There are several very real problems in our country that have created the environment that led to what happened. The most immediate is that violence--in thought, word, and deed--has become such a prevalent aspect of our society that far too many of us have come to see it as just another way of dealing with people and ideas we do not like.
Posted by Ramdas Lamb, on January 16, 2011 9:15 PM
Some contemporary political rhetoric can be quite combustible-- not because it celebrates the idea of insurrection, but because it trivializes the nature of violence itself. Sarah Palin's recent statement unintentionally makes this point quite clearly.
Posted by Mathew N. Schmalz, on January 13, 2011 5:00 PM
This disagreement--one largely about why civility matters--provides a window into the dramatically different world views of liberals and conservatives that lie at the root of our current political conflicts.
Posted by Robert P. Jones, on January 13, 2011 4:50 PM
The man who calmly and methodically visited depravity and madness upon a grocery store in Tucson last week, wounds us deeply--unnerves us--beyond the utter tragedy of the lives lost and broken. The accused killer personifies the horror that our society has the potential to put forth--a profoundly disturbed, displaced soul, un-anchored and listless, until it hits a mine and explodes.
Posted by Aseem Shukla, on January 13, 2011 3:28 PM
We all are responsible for what we say and write. Everyone who participates in the public discourse ought to do our part to end a culture of power-over domination that leads to violent speech and violent acts.
Posted by Valerie Elverton Dixon, on January 13, 2011 3:00 PM
Americans are fed up with such rhetoric. Even before this tragedy, a Public Agenda Research poll showed that nearly 80 percent of Americans said that lack of civility is a "serious national problem." More than six in 10 agreed that social behaviors were ruder than in the past. These trends are stunting an already violent society, and, continue to coddle a culture that produces road rage, sports fan rage, cell phone rage, and yes, even raging maniacs like alleged Arizona gunman Jared Loughner.
Posted by Jonathan Merritt, on January 13, 2011 12:38 PM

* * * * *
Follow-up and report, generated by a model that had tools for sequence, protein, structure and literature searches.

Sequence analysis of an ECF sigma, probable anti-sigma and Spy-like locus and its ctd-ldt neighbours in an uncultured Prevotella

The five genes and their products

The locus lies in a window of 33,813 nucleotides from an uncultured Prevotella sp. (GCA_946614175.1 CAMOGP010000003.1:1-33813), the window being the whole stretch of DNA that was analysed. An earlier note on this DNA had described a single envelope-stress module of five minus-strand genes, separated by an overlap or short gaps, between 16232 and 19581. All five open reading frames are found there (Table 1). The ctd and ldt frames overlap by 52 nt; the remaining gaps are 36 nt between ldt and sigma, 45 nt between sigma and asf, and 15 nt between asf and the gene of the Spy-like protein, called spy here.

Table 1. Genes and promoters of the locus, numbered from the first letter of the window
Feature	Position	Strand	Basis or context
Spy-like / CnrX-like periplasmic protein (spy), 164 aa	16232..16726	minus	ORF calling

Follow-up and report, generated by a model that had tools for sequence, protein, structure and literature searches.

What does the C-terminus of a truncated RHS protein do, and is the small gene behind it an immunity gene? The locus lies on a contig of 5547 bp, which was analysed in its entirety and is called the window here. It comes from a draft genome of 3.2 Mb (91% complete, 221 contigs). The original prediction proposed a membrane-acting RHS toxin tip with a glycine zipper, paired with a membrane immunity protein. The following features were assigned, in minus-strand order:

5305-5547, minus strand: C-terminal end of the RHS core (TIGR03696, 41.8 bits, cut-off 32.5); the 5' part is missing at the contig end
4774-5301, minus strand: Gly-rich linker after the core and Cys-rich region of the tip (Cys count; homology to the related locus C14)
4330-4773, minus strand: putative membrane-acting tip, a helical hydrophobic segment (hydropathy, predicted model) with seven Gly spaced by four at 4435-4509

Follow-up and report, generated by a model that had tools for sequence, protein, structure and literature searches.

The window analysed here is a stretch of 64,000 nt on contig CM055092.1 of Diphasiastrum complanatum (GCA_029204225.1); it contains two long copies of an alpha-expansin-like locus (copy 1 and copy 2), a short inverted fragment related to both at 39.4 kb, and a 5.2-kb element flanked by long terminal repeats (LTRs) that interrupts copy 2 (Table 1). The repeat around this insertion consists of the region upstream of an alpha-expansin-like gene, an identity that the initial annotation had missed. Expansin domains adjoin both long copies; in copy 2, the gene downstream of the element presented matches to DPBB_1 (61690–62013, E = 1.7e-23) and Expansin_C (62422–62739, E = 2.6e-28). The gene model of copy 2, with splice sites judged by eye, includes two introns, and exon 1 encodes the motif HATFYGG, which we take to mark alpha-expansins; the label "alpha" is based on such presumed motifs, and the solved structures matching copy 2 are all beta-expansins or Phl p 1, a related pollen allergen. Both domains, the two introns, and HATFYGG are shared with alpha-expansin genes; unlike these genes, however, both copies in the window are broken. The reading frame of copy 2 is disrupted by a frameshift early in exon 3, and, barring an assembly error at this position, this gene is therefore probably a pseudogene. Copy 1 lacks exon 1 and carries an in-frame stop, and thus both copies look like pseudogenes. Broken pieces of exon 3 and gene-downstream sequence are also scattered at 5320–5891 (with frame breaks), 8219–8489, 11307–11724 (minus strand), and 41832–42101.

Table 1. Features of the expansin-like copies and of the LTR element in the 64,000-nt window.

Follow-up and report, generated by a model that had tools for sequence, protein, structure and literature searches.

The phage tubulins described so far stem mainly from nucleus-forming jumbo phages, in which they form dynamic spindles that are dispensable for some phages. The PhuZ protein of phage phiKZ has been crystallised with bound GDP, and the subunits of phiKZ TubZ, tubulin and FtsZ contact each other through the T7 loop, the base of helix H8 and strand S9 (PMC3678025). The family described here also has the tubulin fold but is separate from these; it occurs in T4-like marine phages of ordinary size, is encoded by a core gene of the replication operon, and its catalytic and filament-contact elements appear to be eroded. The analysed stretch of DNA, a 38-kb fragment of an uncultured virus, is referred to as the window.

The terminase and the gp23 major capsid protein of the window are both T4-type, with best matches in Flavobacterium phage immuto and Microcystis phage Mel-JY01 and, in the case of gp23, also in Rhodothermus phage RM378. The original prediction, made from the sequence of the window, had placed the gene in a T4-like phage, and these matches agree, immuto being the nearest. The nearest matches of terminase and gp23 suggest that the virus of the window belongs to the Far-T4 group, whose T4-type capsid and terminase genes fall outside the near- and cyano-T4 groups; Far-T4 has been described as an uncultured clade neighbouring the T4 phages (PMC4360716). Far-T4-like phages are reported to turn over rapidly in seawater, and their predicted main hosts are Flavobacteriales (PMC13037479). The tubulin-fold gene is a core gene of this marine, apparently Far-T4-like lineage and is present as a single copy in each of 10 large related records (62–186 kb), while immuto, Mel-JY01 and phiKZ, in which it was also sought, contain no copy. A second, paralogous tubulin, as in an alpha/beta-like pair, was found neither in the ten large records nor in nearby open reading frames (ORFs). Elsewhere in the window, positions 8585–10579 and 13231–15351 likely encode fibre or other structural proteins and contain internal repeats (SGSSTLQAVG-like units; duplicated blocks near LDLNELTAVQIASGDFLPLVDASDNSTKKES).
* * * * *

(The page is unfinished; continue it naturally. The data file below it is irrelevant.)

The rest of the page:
Isn't it time for us to have a different type of conversation in response to this national trauma - the rare attempt in our country's history to assassinate a member of congress? Is there an alternative way we can think about this that might help us all move, at least a little bit, beyond our presumptive interpretations?
Posted by Irwin Kula, on January 13, 2011 12:17 PM
Freedom of speech is one of the utterly essential pillars of government of, for and by the people. For me, the most serious moral implication of incendiary political speech is the way it exploits this necessary element of our body politic.
Posted by Janet Edwards, on January 11, 2011 4:50 PM
Politicians on the left and the right have always framed policy debates in much larger terms. Health care, taxes, gun rights, abortion, and the like have never been talked about as limited policy issues affecting a few million Americans, but as existential threats to American identity. Unfortunately, once in a while, someone may actually believe it.
Posted by Amarnath Amarasingam, on January 11, 2011 3:24 PM
Surely, no one can lay the blame for the violence in Tucson at the foot of any politician or religious leader or media figure. The man who killed must bear the burden of his actions. But equally surely, this is a moment that calls for quiet, purging, reflection.
Posted by Timothy Shriver, on January 11, 2011 2:46 PM
It's hard to know whether there is any direct connection between the tragic shootings in Tucson and our rancid political rhetoric. We may never find out. However, we do know that inflammatory language -- pregnant with martial metaphors and Second Amendment allusions -- pollutes the public square
Posted by J. Brent Walker, on January 11, 2011 2:19 PM
Saturday was, simply, the brutal and inevitable intersection of fear, hatred and guns. There are those who, predictably, were quick to classify the violence as the work of a solo individual who held no coherent political ideology. This dangerous and misleading analysis reflects a willful blindness to the context and implications of the shootings.
Posted by Sharon Brous, on January 11, 2011 1:08 AM
How many more will die before the Congress of the United States and the highest court in the land stand up to the gun lobby, put aside their political ideologies and differences and exercise the wisdom and courage necessary to address what has become the shame of our great democracy?
Posted by John Bryson Chane, on January 10, 2011 4:24 PM